The United Nations says India will overtake China in 2023.
The United Nations says India will overtake China in 2023. India is set to become the world’s most populous country next year, overtaking China with its 1.4bn people, according to UN figures. India is set to become the world’s most populous country next year, overtaking China with its 1.4bn people, according to UN figures.
By this November, the planet will be home to 8 billion.
But the population has not grown as fast as it used to.
The United Nations says it is at its slowest pace since 1950 and is close to 10.4 billion by the 2080s, although some population experts believe it could be even sooner.
But the world’s population is spreading unequally.
More than half of the growth we will see in the next 30 years will be in just eight countries – the Democratic Republic of the Congo, Egypt, Ethiopia, India, Nigeria, Pakistan, the Philippines and Tanzania.
At the same time, some of the world’s most developed economies are already experiencing population declines because the fertility rate is less than 2.1 children per woman, which is called the “replacement rate”. The report says that in 20 countries, the population will decline by at least 1% by 2050. The United Nations says India will overtake China in 2023
With one of the lowest birth rates in the world (1.15 children per woman), China has announced that its population will begin to decline next year – long before previously thought. This is despite the fact that the country abandoned its one-child policy in 2016 and introduced incentives for couples to have two or more children.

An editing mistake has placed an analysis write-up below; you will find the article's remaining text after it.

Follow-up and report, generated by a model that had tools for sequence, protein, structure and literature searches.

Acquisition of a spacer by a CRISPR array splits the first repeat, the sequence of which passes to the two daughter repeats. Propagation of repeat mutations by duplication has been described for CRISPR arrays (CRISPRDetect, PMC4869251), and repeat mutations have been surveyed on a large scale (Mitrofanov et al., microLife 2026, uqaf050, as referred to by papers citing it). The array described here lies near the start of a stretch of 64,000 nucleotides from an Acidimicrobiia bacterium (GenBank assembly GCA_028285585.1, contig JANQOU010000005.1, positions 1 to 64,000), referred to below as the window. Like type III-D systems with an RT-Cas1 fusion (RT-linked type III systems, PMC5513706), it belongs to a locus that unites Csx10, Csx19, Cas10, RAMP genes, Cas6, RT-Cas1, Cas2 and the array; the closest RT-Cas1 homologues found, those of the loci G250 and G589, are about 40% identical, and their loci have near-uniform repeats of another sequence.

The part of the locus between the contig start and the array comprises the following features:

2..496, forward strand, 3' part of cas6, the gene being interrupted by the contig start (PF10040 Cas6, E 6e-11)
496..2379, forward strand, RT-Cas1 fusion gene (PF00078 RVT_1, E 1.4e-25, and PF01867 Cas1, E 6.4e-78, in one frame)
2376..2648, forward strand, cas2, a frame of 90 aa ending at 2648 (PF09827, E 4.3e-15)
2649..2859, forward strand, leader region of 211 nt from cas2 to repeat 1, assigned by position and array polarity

As India’s population grows, it will almost certainly surpass China as the world’s most populous country.
Birth rates throughout the world have dropped dramatically already – in many countries where the population is growing. This is because as the previous generations grew, so did the number of people, even if individually they were having fewer children than their parents.
Progress is also largely due to advances in medicine and science, which means that more children are getting younger and more adults are getting older. This pattern is likely to continue, which means that by 2050 the global average life expectancy will be around 77.2 years.
But this pattern means that the share of the global population aged 65 and over is likely to increase from 10% this year to 16% in 2050. The divisions in East Asia and Western Europe will once again be unequal. More extremes in old age.